CARLA Simulator - Python API (Intermediate)

Jul 11, 2023 By Han Wu

Introduction to 6 Types of Cameras, Lidar, Traffic Manager, and Scenario Runner for Autonomous Driving Challenge.


In the previous post, I introduced how to connect to CARLA Simulator using Python API, the difference between synchronous and asynchronous mode, and how to get images from an RGB camera. In this post, I will introduce other types of cameras and sensors.

The source code used in this tutorial is available on GitHub:

1git clone

Example 04: More Cameras

This example introduces how to capture sensor data from multiple cameras. You can get all supported camera types from the blueprint library.

1# Print all camera types
2for bp in bp_lib.filter("camera"):
3    print(

At the time of writing, CARLA supports six types of cameras: RGB, Semantic Segmentation, Instance Segmentation, Depth, DVS, and Optical Flow camera.


We follow the same procedure to spawn six cameras from blueprints, and then attach all cameras to the vehicle.

 1# Create a camera floating behind the vehicle
 2camera_init_trans = carla.Transform(carla.Location(x=-5, z=3), carla.Rotation(pitch=-20))
 4# Create a RGB camera
 5rgb_camera_bp = world.get_blueprint_library().find('')
 6rgb_camera = world.spawn_actor(rgb_camera_bp, camera_init_trans, attach_to=vehicle)
 8# Create a semantic segmentation camera
 9seg_camera_bp = world.get_blueprint_library().find('')
10seg_camera = world.spawn_actor(seg_camera_bp, camera_init_trans, attach_to=vehicle)
12# Create a instance segmentation camera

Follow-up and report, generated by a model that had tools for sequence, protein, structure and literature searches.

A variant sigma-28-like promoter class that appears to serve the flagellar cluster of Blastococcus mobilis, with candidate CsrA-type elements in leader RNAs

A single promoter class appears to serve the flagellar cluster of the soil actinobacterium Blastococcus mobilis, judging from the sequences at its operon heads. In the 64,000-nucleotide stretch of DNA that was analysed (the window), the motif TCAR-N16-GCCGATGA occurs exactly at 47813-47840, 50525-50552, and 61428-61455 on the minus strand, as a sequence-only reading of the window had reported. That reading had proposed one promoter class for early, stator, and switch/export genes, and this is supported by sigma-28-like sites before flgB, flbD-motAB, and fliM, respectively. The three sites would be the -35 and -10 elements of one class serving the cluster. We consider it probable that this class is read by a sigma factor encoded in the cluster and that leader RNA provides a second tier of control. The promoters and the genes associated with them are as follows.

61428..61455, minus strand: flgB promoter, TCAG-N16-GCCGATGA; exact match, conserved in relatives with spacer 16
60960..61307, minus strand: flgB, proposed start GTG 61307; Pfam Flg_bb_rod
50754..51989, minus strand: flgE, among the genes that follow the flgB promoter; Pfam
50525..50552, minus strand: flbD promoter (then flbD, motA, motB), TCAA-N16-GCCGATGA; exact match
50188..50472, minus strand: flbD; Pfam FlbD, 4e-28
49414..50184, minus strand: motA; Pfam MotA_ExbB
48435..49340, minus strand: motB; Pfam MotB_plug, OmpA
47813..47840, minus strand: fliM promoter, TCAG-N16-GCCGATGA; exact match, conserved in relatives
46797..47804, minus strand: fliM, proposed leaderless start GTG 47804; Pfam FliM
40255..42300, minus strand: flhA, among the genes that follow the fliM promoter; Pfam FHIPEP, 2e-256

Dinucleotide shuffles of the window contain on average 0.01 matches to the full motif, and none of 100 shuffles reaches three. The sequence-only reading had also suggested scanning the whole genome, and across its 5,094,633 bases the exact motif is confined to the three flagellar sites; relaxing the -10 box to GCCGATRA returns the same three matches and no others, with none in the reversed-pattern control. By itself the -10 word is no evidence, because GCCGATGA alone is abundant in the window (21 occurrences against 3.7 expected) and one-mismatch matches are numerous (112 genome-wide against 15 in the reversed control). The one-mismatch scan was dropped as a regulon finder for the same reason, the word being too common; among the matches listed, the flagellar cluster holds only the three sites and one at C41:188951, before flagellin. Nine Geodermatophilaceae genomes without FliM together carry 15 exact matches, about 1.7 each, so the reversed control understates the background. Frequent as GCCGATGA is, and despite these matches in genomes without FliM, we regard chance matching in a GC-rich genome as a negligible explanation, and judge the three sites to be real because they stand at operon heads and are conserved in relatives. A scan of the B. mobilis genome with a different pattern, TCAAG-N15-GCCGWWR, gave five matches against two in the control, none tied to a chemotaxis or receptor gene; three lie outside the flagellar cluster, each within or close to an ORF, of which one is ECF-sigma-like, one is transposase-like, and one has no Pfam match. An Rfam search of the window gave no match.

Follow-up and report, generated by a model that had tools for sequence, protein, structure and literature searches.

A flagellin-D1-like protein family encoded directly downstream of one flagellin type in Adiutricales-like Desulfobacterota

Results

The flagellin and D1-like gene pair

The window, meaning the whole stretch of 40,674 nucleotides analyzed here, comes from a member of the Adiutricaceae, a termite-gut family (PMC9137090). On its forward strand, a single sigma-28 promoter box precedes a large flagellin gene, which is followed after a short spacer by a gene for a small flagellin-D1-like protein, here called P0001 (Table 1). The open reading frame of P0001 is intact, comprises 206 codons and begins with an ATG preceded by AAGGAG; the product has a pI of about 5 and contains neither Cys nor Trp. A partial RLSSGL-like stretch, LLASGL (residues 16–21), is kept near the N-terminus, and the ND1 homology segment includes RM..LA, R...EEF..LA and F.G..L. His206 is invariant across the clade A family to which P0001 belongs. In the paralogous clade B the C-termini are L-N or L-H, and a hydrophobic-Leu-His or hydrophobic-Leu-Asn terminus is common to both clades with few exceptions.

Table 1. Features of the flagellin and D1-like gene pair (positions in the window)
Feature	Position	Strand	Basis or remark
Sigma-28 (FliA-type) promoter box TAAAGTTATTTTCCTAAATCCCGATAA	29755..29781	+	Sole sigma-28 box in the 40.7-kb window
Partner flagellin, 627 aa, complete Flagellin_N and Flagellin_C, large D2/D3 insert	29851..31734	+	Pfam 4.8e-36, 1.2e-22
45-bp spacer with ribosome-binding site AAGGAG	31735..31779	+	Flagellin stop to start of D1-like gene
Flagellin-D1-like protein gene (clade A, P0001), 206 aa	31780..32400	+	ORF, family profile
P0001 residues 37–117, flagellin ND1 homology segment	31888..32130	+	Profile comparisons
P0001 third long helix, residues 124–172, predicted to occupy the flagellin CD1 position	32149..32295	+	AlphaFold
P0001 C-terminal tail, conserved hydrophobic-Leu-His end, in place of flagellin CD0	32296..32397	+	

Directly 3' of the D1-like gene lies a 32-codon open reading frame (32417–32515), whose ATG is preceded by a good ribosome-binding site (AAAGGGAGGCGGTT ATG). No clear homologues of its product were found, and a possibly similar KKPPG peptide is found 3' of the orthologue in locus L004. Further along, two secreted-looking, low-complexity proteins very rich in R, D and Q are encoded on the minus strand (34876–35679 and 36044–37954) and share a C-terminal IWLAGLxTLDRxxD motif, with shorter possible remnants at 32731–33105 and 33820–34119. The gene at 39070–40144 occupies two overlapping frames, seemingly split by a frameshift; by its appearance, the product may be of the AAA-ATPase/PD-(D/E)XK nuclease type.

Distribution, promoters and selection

13ins_camera_bp = world.get_blueprint_library().find('')
14ins_camera = world.spawn_actor(ins_camera_bp, camera_init_trans, attach_to=vehicle)
16# Create a depth camera
17depth_camera_bp = world.get_blueprint_library().find('')
18depth_camera = world.spawn_actor(depth_camera_bp, camera_init_trans, attach_to=vehicle)
20# Create a DVS camera
21dvs_camera_bp = world.get_blueprint_library().find('')
22dvs_camera = world.spawn_actor(dvs_camera_bp, camera_init_trans, attach_to=vehicle)
24# Create an optical flow camera
25opt_camera_bp = world.get_blueprint_library().find('')
26opt_camera = world.spawn_actor(opt_camera_bp, camera_init_trans, attach_to=vehicle)

Similarly, we use the Queue data structure to store sensor data. The only difference is how we handle different types of sensor data. As this tutorial focuses on getting familiar with APIs, it is recommended to refer to the official documentation for comprehensive details on sensor data.

 1# Define camera callbacks                       
 2def rgb_camera_callback(image, rgb_image_queue):
 3    rgb_image_queue.put(np.reshape(np.copy(image.raw_data), (image.height, image.width, 4)))
 5def seg_camera_callback(image, seg_image_queue):
 6    image.convert(carla.ColorConverter.CityScapesPalette)
 7    seg_image_queue.put(np.reshape(np.copy(image.raw_data), (image.height, image.width, 4)))
 9def ins_camera_callback(image, ins_image_queue):
10    ins_image_queue.put(np.reshape(np.copy(image.raw_data), (image.height, image.width, 4)))
12def depth_camera_callback(image, depth_image_queue):
13    image.convert(carla.ColorConverter.LogarithmicDepth)
14    depth_image_queue.put(np.reshape(np.copy(image.raw_data), (image.height, image.width, 4)))
16def dvs_camera_callback(data, dvs_image_queue):
17    dvs_events = np.frombuffer(data.raw_data, dtype=np.dtype([
18        ('x', np.uint16), ('y', np.uint16), ('t', np.int64), ('pol', np.bool_)
19    ]))
21    dvs_img = np.zeros((data.height, data.width, 4), dtype=np.uint8)
23    # Blue is positive, red is negative
24    dvs_img[dvs_events[:]['y'], dvs_events[:]['x'], dvs_events[:]['pol'] * 2] = 255
26    dvs_image_queue.put(dvs_img)